Question about 2003 Harley Davidson FLHR Road king

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Fork oil viscosity - 2003 Harley Davidson FLHR Road king

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  • Harley Davidson Master
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Use only H-D Type E fork oil.

Posted on Nov 28, 2014

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1 Answer

Front fork oil capasity


When reassembling the forks on a motorbike the main spring and all other internal components should be in the fork tubes then add the oil, as to weight I assume you mean fork oil viscosity. Fork oil for general use is usually 5w or 10w but you need to look up the specific oil type for your bike, also the capacity is unique to each bike but you can measure the oil by pouring the required amount into the upright tubes make sure that the levels are the same, use a straightened wire coat hanger and measure the level in each fork so that any differences are reduced so as to not affect the safe handling of the motorbike as uneven forks can be very dangerous.
Look on youtube to find videos of fork oil change etc.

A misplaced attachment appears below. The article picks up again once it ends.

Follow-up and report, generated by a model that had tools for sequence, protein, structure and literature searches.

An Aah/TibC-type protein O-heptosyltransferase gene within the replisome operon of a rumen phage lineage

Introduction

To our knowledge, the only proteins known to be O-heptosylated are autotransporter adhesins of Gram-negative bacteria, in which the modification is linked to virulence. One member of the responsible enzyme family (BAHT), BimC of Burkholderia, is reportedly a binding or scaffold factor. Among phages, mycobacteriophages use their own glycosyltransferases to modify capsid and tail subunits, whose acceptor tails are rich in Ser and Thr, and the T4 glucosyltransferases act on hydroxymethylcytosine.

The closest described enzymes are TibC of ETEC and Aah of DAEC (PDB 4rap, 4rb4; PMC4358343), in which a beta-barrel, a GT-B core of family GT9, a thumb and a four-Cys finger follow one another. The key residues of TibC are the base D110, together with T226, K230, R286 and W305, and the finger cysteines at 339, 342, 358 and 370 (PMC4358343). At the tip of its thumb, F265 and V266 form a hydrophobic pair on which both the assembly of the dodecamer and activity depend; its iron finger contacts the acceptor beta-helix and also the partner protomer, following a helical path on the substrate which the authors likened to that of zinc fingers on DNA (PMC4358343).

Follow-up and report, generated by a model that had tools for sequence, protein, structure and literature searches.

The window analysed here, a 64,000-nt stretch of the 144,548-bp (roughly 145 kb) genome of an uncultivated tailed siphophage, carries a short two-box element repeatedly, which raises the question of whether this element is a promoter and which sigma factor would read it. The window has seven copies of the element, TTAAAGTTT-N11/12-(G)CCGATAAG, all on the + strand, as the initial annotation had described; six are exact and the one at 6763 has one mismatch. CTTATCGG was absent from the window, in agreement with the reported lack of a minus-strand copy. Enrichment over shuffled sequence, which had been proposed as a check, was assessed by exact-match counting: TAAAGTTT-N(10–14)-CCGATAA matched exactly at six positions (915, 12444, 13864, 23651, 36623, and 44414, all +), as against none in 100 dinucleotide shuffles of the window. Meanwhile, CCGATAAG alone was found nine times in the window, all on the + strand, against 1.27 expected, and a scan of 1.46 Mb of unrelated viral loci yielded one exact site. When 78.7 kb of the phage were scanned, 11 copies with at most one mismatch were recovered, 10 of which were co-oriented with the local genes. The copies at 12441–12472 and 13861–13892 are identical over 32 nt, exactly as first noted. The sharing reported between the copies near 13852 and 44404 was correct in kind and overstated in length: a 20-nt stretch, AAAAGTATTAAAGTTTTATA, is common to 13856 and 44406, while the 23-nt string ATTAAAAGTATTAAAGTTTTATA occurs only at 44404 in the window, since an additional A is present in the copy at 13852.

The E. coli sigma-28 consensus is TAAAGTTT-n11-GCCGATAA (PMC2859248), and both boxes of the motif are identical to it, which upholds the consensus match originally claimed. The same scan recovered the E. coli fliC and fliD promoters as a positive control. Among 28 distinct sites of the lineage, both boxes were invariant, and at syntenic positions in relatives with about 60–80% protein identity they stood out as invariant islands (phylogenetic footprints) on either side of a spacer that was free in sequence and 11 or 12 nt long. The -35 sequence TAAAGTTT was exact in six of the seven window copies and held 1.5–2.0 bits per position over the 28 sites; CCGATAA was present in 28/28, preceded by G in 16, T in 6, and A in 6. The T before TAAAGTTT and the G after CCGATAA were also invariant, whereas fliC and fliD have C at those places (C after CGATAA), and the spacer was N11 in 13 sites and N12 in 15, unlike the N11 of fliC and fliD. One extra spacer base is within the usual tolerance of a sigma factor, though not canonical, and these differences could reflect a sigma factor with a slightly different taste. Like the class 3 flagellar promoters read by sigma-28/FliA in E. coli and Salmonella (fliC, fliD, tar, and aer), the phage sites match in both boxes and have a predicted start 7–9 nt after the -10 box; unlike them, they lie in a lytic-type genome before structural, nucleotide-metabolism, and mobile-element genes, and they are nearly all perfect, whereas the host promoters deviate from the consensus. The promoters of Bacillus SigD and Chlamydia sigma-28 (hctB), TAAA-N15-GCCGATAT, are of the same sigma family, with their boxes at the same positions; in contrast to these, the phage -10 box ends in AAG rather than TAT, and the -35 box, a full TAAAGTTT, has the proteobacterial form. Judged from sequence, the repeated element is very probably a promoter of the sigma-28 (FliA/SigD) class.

Oct 09, 2014 | Motorcycles

1 Answer

How much oil in front forks?


The fork oil should come to just below the bottom of the threads of the bolt by the o ring. do not use regular motor oil as it doesn't have the correct viscosity that fork oil has. Make sure both forks have the same amount of oil to prevent an unbalanced feel to the front end

May 30, 2014 | 2003 Suzuki VL 1500 Intruder LC

1 Answer

What viscosity and how much Fork oil


If you are rebuilding your Forks, I would STRONGLY RECOMMEND replacing the fluid with Synthetic (last Longer) and is cleaner for the internal Valves... Viscosity will fine tune your suspension. you need to take into consideration your location, your riding weight and riding habits... The lower the number the more action, the Higher the number, the slower the response and harder ride but when you take into consideration Weight and Normal Ambient Temperatures... You need to dial in your own number...

Mar 03, 2014 | 1997 Honda Steed

1 Answer

Soft front end